12–14: American Coatings SHOW 2016, Indianapolis, IN american-coatings-show.com

3

PDCA Craftsmanship Forum Held in conjunction with the PDCA Expo, the PDCA 2016 Craftsmanship Forum will take place Saturday, March 12 in New Orleans. The daylong event will feature presentations on: identifying craftsmanship niches within the field of painting; techniques and best practices; how to use craftsmanship to differentiate yourself in marketing, and more. In addition, Art Snarzyk of InnerView Advisers, Inc. and chair of the Hiring Craftsmen Committee of the Craftsmanship Forum, will present on how to define the attributes of a craftsman; how to craft ads that attract them; how to effectively identify them in the interview process; and how to train and retain them. The discussion will be followed by a roundtable led by Art and Forum president, Rich O’Neil.

TO LEARN MORE, VISIT: pdcacraftsmanshipforum.com/events or contact the Craftsmanship Forum at Info@PDCACraftsmanshipForum.com or (954) 214-4447 Dec 2015/Jan 2016 inPAINT

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[ BOTTOM LINE ] CALCULATING YOUR OWN PAY

Just like you pay your employees on a regular basis for their services to your company, you need to pay yourself too.

LINNEA BLAIR, owner of Advisors On Target, is a business coach and small-business expert. She works with contractors to develop best-practice business management and marketing strategies for a sustainable business. Linnea can be found at AdvisorsOnTarget.com or on Twitter@AdvisorOnTarget

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inPAINT | Dec 2015/Jan 2016

Paying yourself last is a strategy to get by, not a strategy for success Many painting contractors (and other smallbusiness owners) end up paying themselves by what’s left over at the end of the month after other expenses are paid. By paying yourself that way, you often end up with a big swing in your monthly take-home pay, with some months being very lean and some months being fat. This may work for a young, single guy with a more flexible lifestyle, but it doesn’t work so well for the small-business owner who has a family and a mortgage, and needs more stability. Besides, you started a business to make a good living, right?

each month. Just like you pay your employees on a regular basis for their services to your company, you need to pay yourself too. Then you can make a plan to pay yourself extra amounts in your most profitable months to make up the difference between your necessary income and your desired income.

Start with a plan to pay yourself first I coach every business owner to create an annual profit plan and budget. Why is this so important? Because creating a detailed annual plan that shows your projected income and expenses for each month helps you to see if what you are setting out to accomplish is reasonable to achieve, and if it will produce the results (profit and cash flow) that you need in order to compensate yourself appropriately and invest in your company.

Best practices I have a metric that I like to use called: Net Operating Profit Before Owner’s Compensation. I believe that 20% – 25% is a good result for most contracting businesses between $300,000 and $3,000,000 in revenue. Out of this profit comes the owner’s compensation. In the low end of this revenue range, about 15% – 20% of revenue is reasonable for owner compensation. For example, at $1,000,000 in revenue, this would amount to $150,000 – $200,000 in owner’s compensation. A higher percentage is needed for the lowest revenue range to produce an adequate living compensation, and a lower percentage is needed for the higher end of the range, since there is a larger need for bigger companies to invest in growth and infrastructure while still compensating the owner well for his or her investment in the business.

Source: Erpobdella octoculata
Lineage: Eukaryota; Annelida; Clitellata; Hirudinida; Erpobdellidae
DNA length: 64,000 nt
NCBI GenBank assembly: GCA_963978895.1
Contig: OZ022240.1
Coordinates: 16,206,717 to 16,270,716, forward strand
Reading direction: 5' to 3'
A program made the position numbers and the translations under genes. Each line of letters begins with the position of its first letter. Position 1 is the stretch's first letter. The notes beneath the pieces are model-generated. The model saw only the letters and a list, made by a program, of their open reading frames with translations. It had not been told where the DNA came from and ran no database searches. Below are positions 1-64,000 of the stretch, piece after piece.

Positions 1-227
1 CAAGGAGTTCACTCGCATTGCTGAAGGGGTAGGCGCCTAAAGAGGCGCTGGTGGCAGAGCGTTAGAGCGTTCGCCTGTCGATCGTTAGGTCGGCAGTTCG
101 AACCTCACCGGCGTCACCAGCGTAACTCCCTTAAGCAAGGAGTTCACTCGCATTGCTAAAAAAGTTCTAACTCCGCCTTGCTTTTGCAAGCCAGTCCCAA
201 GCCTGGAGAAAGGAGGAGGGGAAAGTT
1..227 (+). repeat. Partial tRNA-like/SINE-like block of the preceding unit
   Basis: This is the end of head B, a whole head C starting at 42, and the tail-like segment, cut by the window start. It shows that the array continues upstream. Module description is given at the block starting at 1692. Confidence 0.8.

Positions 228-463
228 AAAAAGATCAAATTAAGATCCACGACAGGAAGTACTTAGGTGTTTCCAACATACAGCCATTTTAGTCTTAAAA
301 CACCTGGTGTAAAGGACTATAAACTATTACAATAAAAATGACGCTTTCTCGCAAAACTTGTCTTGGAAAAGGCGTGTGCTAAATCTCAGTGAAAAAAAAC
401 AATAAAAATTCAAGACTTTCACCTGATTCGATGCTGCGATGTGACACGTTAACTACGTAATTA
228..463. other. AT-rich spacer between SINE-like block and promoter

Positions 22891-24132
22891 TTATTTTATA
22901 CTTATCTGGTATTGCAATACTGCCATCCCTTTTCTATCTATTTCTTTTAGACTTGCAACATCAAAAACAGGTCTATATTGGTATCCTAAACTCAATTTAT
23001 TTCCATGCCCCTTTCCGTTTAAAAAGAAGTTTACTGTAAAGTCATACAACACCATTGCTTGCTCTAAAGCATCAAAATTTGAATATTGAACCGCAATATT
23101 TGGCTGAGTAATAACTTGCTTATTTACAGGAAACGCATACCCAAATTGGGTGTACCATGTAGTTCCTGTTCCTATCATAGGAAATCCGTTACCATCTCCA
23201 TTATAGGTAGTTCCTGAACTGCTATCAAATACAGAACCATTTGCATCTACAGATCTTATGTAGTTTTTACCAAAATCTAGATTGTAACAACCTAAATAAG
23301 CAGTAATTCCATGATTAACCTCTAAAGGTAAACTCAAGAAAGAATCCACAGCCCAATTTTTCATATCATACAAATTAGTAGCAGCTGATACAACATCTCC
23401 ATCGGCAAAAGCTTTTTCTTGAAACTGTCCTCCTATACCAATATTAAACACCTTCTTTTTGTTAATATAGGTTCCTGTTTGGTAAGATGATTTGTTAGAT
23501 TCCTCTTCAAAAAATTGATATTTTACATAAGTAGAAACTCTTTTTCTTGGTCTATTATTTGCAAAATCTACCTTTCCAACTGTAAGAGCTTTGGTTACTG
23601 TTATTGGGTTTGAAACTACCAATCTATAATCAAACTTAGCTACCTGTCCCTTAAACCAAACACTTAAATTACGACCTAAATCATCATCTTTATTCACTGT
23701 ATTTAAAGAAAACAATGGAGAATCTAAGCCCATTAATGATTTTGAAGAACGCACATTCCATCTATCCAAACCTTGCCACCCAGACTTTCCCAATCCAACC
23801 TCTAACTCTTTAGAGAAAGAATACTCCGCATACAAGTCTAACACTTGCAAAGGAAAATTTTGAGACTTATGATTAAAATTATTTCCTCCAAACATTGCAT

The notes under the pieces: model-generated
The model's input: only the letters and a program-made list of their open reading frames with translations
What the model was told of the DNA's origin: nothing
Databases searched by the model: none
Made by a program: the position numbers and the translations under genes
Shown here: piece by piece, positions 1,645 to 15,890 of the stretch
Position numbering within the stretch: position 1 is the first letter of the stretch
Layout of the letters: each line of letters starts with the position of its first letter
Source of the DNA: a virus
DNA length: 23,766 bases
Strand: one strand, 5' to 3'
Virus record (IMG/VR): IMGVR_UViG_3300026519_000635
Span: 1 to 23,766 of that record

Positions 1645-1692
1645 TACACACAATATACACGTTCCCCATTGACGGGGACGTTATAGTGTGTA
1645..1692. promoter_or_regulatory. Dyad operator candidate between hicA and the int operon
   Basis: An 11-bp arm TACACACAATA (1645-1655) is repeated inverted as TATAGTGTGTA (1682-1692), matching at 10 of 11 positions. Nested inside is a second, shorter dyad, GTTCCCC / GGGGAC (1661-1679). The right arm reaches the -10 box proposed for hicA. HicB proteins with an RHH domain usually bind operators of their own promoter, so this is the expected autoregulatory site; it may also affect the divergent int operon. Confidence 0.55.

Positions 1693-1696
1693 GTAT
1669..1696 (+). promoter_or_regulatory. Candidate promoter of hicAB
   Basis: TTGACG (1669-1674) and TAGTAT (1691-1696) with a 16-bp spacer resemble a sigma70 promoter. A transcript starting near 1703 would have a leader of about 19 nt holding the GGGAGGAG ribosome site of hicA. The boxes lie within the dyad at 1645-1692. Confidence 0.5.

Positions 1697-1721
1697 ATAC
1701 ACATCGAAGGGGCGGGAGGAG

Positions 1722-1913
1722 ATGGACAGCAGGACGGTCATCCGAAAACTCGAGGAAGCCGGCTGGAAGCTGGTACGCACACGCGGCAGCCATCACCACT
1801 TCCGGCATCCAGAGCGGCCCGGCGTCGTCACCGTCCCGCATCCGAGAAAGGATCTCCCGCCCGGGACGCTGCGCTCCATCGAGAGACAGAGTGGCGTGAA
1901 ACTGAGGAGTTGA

What’s an appropriate amount for owner compensation? First, it starts with your needed and desired personal income. If you take time to do your personal financial planning and budgeting, you’ll know what you need each month to provide for your personal lifestyle. Beyond your normal monthly needs, you may also have a desired income amount that you’d prefer to bring in from the business for investments, travel, etc. It’s important to know these numbers and to factor them into your budget/profit plan for the year. Not every similarly sized business will have the same number. Your personal financial needs and desired income are your own. One business owner with a $600,000 business may be satisfied with $90,000 in compensation, while another needs $200,000. The business model and structure, not to mention future vision, may look very different for these two individuals. Make a plan to pay yourself at least the necessary amount to meet your monthly personal income needs

Methods for paying yourself There are different requirements for how to take owner’s compensation from your business, depending on what your legal entity is. It is a good idea to consult with your business attorney and tax advisor to understand the tax laws regarding how you take compensation, and to make the best decision for you. Typically, if your company is an S corporation, you need to take a ‘reasonable’ salary as a W-2 employee and then take the balance of your compensation in draws or distributions, while LLCs and sole proprietors usually take their entire compensation as a draw. There are tax ramifications for each, so be sure to consult with your CPA. The real bottom line is that you started a business to create a better life for yourself, and usually that life includes a comfortable level of compensation that enables you to live the lifestyle you desire and to provide for your retirement. Achieving this takes vision, planning and implementation of your strategy to grow a profitable and successful business, however you define success.


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Dec 2015/Jan 2016 inPAINT

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inPAINT Magazine Dec/Jan 2015/16